Spring is always slow to arrive in the Rocky Mountain West. And for amateur boat builders, it seems to take forever! Progress on the fleet flagship, the S/V Wawona has been slow, but steady. No one ever mentions how long this process can take. Sometimes the bit you're working on goes together in a few minutes. But then there are those bits that the preparation alone can take hours! But it is so gratifying to go out and just do a little bit. Last night I found the Buildaboat blog about a gentleman in many respects very close to myself. In reading of his construction of one of my favorite small boats The Weekender I've learned I'm not the only one sailing by the seat of my pants as I follow this dream. Plans are like the Pirate Code, more guidelines really. The important things are the ability to think on your feet and improvise as you go. In Kenpo we call it formulating. Here in a nutshell is the formulation formula
Prefix a strike or block with an off angle body positioning (i.e. step out of the way of the weapon!).
Suffix your strike with one or several more.
Rearrange the order of a technique. Instead of block-chop-punch change it to block-punch-chop (don't forget to block however).
Insert a move, perhaps simultaneously, such as a check of another weapon.
a move to prevent unwanted injury to yourself, your opponent or to prevent unnecessary time spent engaging and less time leaving!
Adjust the range or angle of the weapon.
Regulate your weapons speed or force and you may get a very different reaction.
For you non karate people it's a way of looking at a technique not as a rigid set of motions, but an idea that once you understand the technique and what it teaches can be formulated to work for you, your attacker or your environment. For boat builders it's a great way to think of the plans. Sometimes you have to do what feels right as opposed to what the plans say. Skip ahead a step, rearrange the order of steps, try something not in the plans, add your own twist or see if it can be done a different way. So far I've noticed my craft is not at all worse for wear when I have formulate a different way of getting something accomplished.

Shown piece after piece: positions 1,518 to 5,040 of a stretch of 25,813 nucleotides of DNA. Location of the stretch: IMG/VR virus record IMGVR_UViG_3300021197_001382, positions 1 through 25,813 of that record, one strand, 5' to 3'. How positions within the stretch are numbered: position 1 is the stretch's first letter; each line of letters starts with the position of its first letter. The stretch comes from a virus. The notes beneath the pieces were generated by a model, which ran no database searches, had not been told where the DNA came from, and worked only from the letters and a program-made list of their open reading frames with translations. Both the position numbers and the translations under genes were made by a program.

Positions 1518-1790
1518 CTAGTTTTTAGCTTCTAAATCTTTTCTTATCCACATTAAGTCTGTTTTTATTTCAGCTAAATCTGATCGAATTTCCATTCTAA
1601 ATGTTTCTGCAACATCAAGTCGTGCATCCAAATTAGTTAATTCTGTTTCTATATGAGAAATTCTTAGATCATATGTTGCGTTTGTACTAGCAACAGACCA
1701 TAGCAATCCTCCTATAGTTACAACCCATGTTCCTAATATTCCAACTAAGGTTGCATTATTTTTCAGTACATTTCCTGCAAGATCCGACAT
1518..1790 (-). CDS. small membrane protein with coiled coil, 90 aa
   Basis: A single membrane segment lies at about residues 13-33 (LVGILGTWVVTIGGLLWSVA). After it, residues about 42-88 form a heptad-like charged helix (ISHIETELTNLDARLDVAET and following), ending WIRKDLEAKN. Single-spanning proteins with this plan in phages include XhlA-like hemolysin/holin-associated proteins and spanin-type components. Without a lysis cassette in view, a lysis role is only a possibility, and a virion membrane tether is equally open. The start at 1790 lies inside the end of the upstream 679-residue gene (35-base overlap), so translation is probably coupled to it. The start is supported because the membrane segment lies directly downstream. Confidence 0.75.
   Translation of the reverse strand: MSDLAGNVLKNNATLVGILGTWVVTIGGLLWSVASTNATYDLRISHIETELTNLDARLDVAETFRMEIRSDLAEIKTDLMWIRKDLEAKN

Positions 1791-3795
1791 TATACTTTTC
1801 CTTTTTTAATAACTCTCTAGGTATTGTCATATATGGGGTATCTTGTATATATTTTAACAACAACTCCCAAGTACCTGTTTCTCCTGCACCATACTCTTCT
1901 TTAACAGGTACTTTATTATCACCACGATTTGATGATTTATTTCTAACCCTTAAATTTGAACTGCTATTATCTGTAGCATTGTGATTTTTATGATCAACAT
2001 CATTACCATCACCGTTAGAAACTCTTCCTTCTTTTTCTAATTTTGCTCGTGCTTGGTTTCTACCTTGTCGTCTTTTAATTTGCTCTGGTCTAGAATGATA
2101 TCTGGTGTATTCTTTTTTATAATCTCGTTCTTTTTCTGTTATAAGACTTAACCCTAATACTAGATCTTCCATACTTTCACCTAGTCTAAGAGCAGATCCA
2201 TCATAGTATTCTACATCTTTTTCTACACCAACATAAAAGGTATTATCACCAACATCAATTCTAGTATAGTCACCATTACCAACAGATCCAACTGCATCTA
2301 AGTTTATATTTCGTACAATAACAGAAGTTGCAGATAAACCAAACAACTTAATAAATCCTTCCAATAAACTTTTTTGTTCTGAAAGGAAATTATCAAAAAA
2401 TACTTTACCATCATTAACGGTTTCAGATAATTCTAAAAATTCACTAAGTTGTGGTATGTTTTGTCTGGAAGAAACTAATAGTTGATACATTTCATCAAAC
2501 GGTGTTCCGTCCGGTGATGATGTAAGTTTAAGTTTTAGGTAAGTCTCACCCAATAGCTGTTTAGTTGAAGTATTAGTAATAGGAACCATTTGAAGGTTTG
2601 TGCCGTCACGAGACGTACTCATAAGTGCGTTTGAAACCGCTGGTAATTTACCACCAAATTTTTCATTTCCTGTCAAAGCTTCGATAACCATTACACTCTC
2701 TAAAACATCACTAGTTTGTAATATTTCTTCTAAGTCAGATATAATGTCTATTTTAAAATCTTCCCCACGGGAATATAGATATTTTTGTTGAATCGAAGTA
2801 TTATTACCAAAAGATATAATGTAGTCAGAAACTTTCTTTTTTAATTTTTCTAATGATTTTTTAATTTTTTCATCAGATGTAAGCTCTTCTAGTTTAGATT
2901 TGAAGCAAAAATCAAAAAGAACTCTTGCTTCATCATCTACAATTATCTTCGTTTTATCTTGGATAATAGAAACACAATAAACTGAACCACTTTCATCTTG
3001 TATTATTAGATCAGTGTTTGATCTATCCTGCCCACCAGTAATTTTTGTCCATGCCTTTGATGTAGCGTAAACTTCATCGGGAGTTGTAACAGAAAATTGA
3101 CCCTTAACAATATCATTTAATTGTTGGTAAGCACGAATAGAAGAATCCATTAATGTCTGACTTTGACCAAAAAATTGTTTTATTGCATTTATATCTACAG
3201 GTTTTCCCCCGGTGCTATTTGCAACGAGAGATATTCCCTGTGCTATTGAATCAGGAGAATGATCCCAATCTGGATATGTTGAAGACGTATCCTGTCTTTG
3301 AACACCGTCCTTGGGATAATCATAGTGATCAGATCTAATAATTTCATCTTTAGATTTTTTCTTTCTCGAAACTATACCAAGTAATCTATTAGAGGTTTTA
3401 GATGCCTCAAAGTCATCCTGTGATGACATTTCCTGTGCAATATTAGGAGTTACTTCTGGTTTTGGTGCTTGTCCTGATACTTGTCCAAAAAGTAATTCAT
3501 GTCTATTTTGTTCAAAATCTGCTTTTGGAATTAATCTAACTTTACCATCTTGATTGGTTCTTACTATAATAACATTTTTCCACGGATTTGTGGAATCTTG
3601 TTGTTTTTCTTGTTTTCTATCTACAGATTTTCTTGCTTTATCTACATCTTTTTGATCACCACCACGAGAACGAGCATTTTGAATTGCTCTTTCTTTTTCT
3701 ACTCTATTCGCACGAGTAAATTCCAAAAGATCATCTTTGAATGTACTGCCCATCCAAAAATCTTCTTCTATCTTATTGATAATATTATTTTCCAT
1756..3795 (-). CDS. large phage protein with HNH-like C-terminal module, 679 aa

The most amazing thing is that the Wawona LOOKS like a boat. Sometimes I just marvel at how I, with some help, turned lumber, adhesive and nails into what will become a water going craft. It's truly a joyous retreat from the everyday mundanity*. And every little steps helps to aid in that small bit of escape.
During the process of construction a huge gap had formed right at the bow and the plans said nothing about that. I had fretted over it and figured that I'd just fill it up with PL Premium and hope for the best. So today, after being sick for a week, I tottered out to see how it was holding up. This lead to the use of my jig saw to improve the hydrodynamics of the stern and bow, as well as make a pattern for the "cruising rudder". Took about half an hour and by the time I was done I was coughing like one possessed and felt I could hardly stand. But as I flipped the boat back over and began to put my tools away I glanced back. The removal of the bow "chin" and the cutting down of the transom had transformed my boat. Most would not notice it but in my minds eye I could see how she would cut more cleanly through the water now, adding a 1/32 of a knot to her cruising speed. My thoughts turned instantly to the next project I would tackle and smiling to myself I went inside hoping the weather hold tomorrow.
At this point I figure a list of remaining tasks may be of help for those of you building along or following along with the plans. So without further ado and in some sort of order here are my next two months of work:
1. Drywall tape all the exterior seams and PL Premium them for maximum water tightness.
2. Float test
3. Construct and attach the upper mast parter and the lower mast receiver
4. Reinforce the transom for rudder installation
5. Construct and mount the rudder.
6. Construct and mount the leeboard and brackets.
7. Install bow spray rails and a short deck of some kind.
8. Construct and install a more comfortable seating arrangement.
9. Get all rigging, masts, spars, and sails ready and installed.
10. Install oarlocks and find oars.
11. Sand the entire craft inside and out.
12. Prime and paint
13. Launch
14. Learn to Sail
15. Don't drown.
*I'm not sure if that's a word but I like it. Feel free to use it as well!